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letters to the editor - 10/13/02

October 14, 2002

Russo: Maryland in good financial shape



To the editor:


In the movie "The American President," the president says of his opponent "whatever your problem is, he's not interested in solving it. He is interested in two things and two things only: Making you afraid of it, and telling you who's to blame for it. And that, ladies and gentleman, is how you win elections."

My opponent, Chris Shank, has regularly employed such inflammatory rhetoric in letters to the editor (5/19 and 6/2) and in open forums (CPWC) decrying the "structural deficit" in the state budget projections and blaming the "tax and spend" Democrats in Annapolis.

The facts are that the current Democratic administration has demonstrated outstanding fiscal responsibility. Maryland has enjoyed eight years of balanced budgets. We are one of only nine states to achieve a AAA bond rating (the highest possible).

The Rainy Day Reserve is fully funded with over $500 million. Our personal income tax was cut 10 percvent, the first cut in more than 30 years and, along with 30 other different tax cuts, returned over $2.6 billion to Maryland taxpayers.

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The recent recession has forced almost every state to address budget shortfalls. Ohio, a GOP state, is facing a $4 billion "structural deficit" compared to our almost $1 billion by fiscal year 2004. A structural deficit simply means that projected expenses exceed the anticipated revenues.

A bipartisan committee, the Commission on Maryland's Fiscal Structure, has been at work since early August to study the budget structure and process, examining ways to decrease expenses and raise additional revenues. They will also consider future funding needs for education, transportation, and health care. An interim report to the governor and legislature is due Dec. 15, 2002 and a final report by Sept. 1, 2003.

I support funding programs that will bring jobs for our workers, increase tax revenues, and restore economic vitality to this area. Locally, I support the airport extension (noting that Bedford, PA recently got funding for a 900-foot extension to their runway and putting us at a competitive disadvantage), the Bowman truck stop, and keeping the University System of Maryland campus in downtown Hagerstown.

While I generally support slot machines at racetracks, I would agree withSpeaker of the House Cas Taylor's position that the issue should be decided by all the voters by referendum, rather than by legislators in Annapolis.

I am generally opposed to unfunded state mandates where the state avoids expenses by passing them along to county, local, and school board budgets.

As with any business, the belt can and should be tightened, especially in tough times, and spending can and will be reduced by examining funded programs for effectiveness and productivity.

But the real issue locally isn't government spending, it's that the state isn't spending a proportionate share of its budget in Washington County.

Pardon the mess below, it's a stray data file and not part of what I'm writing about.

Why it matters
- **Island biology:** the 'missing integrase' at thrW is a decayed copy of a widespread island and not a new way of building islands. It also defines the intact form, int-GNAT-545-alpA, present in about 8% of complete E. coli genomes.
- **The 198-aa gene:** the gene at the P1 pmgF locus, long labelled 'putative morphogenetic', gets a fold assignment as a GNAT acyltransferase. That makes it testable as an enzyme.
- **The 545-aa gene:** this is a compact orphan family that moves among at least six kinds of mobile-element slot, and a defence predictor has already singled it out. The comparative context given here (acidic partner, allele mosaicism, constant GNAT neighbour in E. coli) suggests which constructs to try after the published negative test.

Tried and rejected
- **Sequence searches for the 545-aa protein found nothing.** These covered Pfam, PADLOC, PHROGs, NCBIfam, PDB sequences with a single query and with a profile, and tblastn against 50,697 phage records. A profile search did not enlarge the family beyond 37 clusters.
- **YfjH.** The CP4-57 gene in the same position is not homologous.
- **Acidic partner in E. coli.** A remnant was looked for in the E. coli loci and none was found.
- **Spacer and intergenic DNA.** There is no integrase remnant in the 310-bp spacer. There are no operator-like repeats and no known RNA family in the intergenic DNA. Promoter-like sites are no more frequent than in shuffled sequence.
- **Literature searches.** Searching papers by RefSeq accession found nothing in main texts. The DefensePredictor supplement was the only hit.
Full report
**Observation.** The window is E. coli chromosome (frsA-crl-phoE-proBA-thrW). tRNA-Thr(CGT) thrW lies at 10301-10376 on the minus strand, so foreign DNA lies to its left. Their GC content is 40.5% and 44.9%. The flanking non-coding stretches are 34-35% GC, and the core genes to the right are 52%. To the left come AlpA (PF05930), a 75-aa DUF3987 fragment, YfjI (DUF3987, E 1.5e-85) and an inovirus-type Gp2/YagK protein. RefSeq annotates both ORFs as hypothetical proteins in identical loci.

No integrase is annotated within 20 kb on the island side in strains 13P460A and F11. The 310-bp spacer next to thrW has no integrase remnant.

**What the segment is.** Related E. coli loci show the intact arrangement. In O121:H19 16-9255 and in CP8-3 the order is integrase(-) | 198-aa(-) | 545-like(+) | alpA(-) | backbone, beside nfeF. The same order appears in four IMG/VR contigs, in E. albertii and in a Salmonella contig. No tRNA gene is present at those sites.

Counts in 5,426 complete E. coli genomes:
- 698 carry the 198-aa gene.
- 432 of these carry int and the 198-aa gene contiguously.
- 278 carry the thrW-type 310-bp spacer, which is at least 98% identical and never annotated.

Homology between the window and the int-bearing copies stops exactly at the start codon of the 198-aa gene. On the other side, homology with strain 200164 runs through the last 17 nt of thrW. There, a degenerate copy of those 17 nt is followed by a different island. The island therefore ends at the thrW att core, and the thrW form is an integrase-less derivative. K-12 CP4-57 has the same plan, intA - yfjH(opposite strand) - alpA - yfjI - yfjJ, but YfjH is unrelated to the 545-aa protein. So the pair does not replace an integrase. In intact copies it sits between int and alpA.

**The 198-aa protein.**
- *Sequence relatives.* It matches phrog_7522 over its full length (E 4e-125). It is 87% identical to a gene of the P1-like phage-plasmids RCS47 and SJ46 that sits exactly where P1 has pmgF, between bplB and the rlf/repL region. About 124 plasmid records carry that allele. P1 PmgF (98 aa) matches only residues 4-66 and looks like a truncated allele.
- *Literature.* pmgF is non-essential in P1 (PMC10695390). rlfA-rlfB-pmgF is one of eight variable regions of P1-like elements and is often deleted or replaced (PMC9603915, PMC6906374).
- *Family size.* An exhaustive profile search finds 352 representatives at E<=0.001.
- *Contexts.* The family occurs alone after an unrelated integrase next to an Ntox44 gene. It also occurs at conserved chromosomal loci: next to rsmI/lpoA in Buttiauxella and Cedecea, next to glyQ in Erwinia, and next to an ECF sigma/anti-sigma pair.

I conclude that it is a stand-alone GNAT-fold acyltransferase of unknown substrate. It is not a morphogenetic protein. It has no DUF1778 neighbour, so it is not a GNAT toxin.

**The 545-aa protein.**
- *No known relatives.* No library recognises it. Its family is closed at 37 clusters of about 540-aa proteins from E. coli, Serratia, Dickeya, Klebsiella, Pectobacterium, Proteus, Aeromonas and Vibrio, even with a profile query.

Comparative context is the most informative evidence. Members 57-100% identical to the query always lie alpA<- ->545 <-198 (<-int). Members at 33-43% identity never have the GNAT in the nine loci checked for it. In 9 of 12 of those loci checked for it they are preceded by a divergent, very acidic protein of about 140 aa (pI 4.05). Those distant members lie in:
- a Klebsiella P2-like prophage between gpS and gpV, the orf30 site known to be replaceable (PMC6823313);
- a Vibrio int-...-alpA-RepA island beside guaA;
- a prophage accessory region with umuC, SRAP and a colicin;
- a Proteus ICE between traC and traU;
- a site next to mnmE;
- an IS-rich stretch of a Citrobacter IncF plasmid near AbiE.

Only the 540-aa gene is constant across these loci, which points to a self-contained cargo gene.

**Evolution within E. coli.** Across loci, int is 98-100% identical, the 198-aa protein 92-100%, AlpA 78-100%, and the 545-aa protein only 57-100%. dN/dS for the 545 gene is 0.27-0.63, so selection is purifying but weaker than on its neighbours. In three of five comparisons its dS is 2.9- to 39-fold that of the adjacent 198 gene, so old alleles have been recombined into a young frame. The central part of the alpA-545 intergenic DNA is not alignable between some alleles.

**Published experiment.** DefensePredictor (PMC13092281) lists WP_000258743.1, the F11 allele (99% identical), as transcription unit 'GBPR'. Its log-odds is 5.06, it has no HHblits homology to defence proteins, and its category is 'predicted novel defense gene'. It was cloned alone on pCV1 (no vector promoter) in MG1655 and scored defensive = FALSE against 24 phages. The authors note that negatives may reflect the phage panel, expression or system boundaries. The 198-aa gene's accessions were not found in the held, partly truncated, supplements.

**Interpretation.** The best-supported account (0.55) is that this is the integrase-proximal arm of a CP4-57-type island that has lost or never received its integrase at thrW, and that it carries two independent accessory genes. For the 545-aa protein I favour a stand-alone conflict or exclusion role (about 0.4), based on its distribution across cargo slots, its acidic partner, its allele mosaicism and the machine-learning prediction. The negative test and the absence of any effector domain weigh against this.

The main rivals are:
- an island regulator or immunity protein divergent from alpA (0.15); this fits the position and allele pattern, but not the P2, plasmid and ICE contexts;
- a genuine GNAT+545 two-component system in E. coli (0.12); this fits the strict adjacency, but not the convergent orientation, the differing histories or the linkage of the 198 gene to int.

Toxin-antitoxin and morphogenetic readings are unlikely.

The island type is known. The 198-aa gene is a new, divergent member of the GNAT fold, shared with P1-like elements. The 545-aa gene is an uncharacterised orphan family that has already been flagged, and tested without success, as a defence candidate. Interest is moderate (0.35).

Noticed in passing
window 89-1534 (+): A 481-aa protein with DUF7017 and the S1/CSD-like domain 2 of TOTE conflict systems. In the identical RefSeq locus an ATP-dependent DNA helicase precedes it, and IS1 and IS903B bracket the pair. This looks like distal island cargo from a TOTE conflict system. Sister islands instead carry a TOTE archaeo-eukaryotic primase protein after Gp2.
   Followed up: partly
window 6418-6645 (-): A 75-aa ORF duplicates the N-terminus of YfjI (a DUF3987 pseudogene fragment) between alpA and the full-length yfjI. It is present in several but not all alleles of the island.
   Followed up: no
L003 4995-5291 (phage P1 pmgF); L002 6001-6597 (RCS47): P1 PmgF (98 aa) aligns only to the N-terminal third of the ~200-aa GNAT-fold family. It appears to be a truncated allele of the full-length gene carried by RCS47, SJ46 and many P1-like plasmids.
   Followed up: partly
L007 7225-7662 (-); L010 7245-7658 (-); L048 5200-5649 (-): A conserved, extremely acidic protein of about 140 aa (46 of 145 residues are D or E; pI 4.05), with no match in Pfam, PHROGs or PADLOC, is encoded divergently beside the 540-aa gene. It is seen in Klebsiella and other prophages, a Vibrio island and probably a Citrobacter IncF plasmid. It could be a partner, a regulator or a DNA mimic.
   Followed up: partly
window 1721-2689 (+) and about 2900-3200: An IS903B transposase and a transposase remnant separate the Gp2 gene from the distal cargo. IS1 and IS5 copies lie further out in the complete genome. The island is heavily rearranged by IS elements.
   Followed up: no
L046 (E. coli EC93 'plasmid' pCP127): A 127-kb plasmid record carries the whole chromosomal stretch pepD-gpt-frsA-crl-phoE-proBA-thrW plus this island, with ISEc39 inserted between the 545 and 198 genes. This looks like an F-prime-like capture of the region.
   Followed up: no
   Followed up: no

Incidently, that $6 million of which Shank is so proud was a windfall due to the governor's increased budget and commitment to farmland preservation, and required little, if any, effort on the part of the delegation. Give credit where credit is due.

A fiscally responsible businessman and health care professional, I have 22 years of business ownership experience. With an extensive educational background in both business and law, and substantial life experience, I am well acquainted with business, budgets, and legislation.

We need serious people to solve serious problems, not rabble-rousing rhetoric.

David Russo

Candidate

House of Delegates, District 2B




Time for a scrub



To the editor:


I've been sitting on this for almost two months, but it's now time to act. I enclose an editorial that I hope will interest you.

As a former resident of the Fredericksburg, Va., area and Stafford County in particular, this editorial caught my eye when I was visiting my younger son in early August. Fredericksburg and Hagerstown have quite a bit in common in terms of size, Civil War connections, actual and potential bedroom communities for commuters to Washington, D.C., because of proximity to at least one major interstate highway, etc.

I've also noticed a tremendous increase in trash and litter on all the roads in Washington County in recent weeks. How long are we going to put up with this unsightly disgrace? As the Free Lance Star editorial points out, this situation "is not conducive to economic development." If it disgusts the eye of our own residents, imagine the effect on visitors and potential residents and businesses!

Why can't Hagerstown, in fact all of Washington County, join Fredricksburg on Make-A-Difference Day, Oct. 26, Saturday morning, 8 a.m. - noon, and clean up not just one major highway but all our roads in the city and county? Why limit the effort to I-70 and I-81 (which are too dangerous for ordinary citizens to tackle anyway)?

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